Bay Area Dems dissent from House vote to aid Syrian rebels
Washington -- Almost 12 years after approving the invasion of Iraq, the House voted overwhelmingly Wednesday to grant President Obama authority to combat the latest offshoot of that war, the militant group known as the Islamic State.
House Minority Leader Nancy Pelosi of San Francisco led Democrats in supporting the request, overcoming minority opposition from both liberal Democrats and conservative Republicans who questioned the strategy of arming Syrian groups of dubious loyalties to fight Islamic State forces. The House approved the measure, 273-156.
The measure, an amendment to a temporary spending bill, was opposed by several Democrats in the Bay Area delegation who were not yet in office when the wars in Afghanistan and Iraq began more than a decade ago. Only Reps. Ami Bera of Sacramento and Jerry McNerney of Stockton voted with Pelosi in authorizing Obama to aid Syrian rebels.
'A new war'
Democratic Rep. John Garamendi of Walnut Grove (Sacramento County), who led opposition during debate Tuesday, called the military expansion "a new war" and "a continuation of a problem that has existed in this area for 1,400 years." He said Obama, and by extension Pelosi, were "dead wrong" in asserting that the administration doesn't need a new war authorization from Congress.
Rep. Jackie Speier, D-Hillsborough, said the strategy of backing Syrian rebels "does not add up" and predicted "a new war that will only escalate."
Senate passage is widely expected, with strong support from California Democrats Barbara Boxer and Dianne Feinstein.
Obama had resisted intervening until the Islamic State group beheaded two American journalists and captured several Iraqi cities. Obama reiterated in a speech Wednesday to troops at MacDill Air Force Base in Florida that U.S. troops "do not and will not have a combat mission," despite testimony by Joint Chiefs of Staff Chairman Gen. Martin Dempsey to Congress on Tuesday that the military might recommend ground troops in the future.
Pelosi led opposition to the Iraq War on the grounds that then-dictator Saddam Husseinposed no immediate threat to the United States. Obama said again Wednesday that the Islamic State group was not a short-term threat, but hanging over the debate was the knowledge that al Qaeda operated freely for years in Afghanistan before launching the 9/11 attacks.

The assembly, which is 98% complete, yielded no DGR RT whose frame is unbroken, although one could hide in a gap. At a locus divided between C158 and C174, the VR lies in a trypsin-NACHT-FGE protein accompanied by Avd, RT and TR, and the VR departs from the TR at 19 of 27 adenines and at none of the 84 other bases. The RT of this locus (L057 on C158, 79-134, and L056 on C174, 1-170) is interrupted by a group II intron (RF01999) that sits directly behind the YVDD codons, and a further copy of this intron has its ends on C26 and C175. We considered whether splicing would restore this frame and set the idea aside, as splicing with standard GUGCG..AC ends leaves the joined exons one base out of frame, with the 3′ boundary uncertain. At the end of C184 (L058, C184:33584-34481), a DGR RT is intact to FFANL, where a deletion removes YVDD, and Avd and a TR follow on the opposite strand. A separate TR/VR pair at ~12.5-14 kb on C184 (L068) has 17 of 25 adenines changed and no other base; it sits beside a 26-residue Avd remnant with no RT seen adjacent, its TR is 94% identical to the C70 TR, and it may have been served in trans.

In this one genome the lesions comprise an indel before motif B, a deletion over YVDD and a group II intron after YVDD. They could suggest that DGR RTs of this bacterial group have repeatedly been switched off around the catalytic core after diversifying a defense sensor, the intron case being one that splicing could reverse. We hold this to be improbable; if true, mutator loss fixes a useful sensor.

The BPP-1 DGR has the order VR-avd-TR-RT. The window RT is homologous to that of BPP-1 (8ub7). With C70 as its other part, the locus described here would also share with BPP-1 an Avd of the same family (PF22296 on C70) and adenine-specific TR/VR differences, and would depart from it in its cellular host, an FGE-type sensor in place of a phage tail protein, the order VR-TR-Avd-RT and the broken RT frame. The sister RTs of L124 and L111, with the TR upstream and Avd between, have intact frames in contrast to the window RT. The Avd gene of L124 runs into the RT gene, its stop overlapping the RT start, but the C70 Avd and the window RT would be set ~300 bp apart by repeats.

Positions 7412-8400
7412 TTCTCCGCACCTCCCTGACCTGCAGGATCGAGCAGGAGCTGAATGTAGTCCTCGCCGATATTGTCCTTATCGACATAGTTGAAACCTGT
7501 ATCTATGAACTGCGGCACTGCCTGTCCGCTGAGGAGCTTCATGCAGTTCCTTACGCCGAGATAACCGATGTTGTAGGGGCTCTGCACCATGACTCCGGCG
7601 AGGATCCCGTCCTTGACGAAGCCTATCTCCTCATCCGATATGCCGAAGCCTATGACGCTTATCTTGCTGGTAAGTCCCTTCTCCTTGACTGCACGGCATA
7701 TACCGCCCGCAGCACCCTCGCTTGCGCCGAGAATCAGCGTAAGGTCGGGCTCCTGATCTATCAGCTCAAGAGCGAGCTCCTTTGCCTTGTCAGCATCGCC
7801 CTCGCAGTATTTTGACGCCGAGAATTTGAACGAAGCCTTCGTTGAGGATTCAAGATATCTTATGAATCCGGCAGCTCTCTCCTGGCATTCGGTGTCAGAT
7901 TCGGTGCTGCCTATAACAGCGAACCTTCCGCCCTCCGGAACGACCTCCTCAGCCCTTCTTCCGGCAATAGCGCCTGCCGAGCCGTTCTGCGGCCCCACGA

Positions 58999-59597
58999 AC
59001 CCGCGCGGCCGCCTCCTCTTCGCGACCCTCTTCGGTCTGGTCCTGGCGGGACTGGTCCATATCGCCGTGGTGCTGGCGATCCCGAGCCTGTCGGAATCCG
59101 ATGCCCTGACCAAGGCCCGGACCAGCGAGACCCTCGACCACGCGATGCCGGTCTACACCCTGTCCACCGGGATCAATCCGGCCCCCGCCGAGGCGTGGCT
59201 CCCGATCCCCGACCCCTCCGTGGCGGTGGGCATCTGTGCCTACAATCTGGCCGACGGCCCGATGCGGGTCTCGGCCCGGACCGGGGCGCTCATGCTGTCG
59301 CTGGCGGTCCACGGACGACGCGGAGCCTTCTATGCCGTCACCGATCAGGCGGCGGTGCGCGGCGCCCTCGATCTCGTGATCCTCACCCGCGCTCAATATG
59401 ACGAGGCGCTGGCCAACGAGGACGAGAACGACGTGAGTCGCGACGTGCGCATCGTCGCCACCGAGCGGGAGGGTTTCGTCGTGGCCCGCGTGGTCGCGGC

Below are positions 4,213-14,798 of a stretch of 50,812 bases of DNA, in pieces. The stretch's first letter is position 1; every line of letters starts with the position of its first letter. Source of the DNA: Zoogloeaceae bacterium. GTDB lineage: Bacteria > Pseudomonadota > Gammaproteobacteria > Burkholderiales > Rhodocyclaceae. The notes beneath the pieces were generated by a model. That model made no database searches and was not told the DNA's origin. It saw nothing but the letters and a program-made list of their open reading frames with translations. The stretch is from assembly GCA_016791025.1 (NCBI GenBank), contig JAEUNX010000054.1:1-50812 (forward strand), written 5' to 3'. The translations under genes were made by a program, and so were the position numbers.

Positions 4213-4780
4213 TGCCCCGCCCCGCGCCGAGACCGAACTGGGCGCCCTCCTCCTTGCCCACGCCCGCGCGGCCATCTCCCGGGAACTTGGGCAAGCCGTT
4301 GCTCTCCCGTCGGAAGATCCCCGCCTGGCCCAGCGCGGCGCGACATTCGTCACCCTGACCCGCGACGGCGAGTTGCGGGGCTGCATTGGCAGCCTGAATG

Pelosi described the aid to Syrian rebels as a limited measure and emphasized that the amendment did not authorize the deployment of U.S. combat troops. That, she said, would require a separate vote by Congress, and added that she would vote "no" if Obama sought permission.
Pelosi said assisting "moderate, vetted Syrians outside of Syria" to fight the Islamic State group was but a small part of a broader diplomatic and political strategy by the administration. "It is not pleasant, it's not easy, but it really is necessary," Pelosi said.
While quoting philosopher Hannah Arendt that an "endless flywheel of violence" only sows the seeds of more violence, Pelosi said, "I hope what we are doing takes us in a different direction."
Doubts about legal stance
Legal scholars have cast doubt on the argument that Obama's military expansion in Iraq is covered by two decade-old votes in Congress, to use military force in Afghanistan in 2001 and Iraq in 2002. The 2001 authorization permitted war making against al Qaeda, which in February disavowed any affiliation with the Islamic State group. The 2002 authorization was focused on Iraq.
Rep. Barbara Lee, the Oakland Democrat who was the only member of Congress to vote against the invasion of Afghanistan, insisted that it was Congress' constitutional obligation to authorize a new war, rather than attaching war-making powers to a spending resolution to keep the government open.
Lee said the U.S. spent more than $20 billion to train and equip the Iraq army, which folded at the first assault by the Islamic State group. "Yet here we are again today," she said, ready to "train and equip members of the Syrian Free Army."
Lee's argument was echoed by conservative Republicans such as Rep. Ted Poe of Texas, who showed photos of Islamic State militants riding in U.S. tanks provided to Iraq.
Rep. Duncan Hunter, R-Alpine (San Diego County), an Iraq War veteran and military hawk, said he had "no confidence we are arming the right people."
But new GOP Majority Leader Kevin McCarthy of Bakersfield voiced the sentiment of most Republicans when he characterized the Islamic State group as a "grave and growing threat" to the United States and its allies.
McCarthy said Obama had devoted most of his presidency to ending the "war on terror" waged by his predecessor George W. Bush, but must now change his foreign policy to "winning the war on terror."
How they voted
How members of the Bay Area congressional delegation voted on an amendment authorizing U.S. aid to Syrian rebels to fight the Islamic State.
Ami Bera, D-Elk Grove (Sacramento County): Yes
Anna Eshoo, D-Palo Alto: No
Sam Farr, D-Monterey: No
John Garamendi, D-Walnut Grove (Sacramento County): No
Mike Honda, D-San Jose: No
Jared Huffman, D-San Rafael: No
Barbara Lee, D-Oakland: No
Zoe Lofgren, D-San Jose: No
Jerry McNerney, D-Stockton: Yes
Doris Matsui: D-Sacramento: No
George Miller, D-Martinez: No
Nancy Pelosi, D-San Francisco: Yes
Jackie Speier, D-Hillsborough: No
Eric Swalwell, D-Dublin: No
Mike Thompson, D-St. Helena: No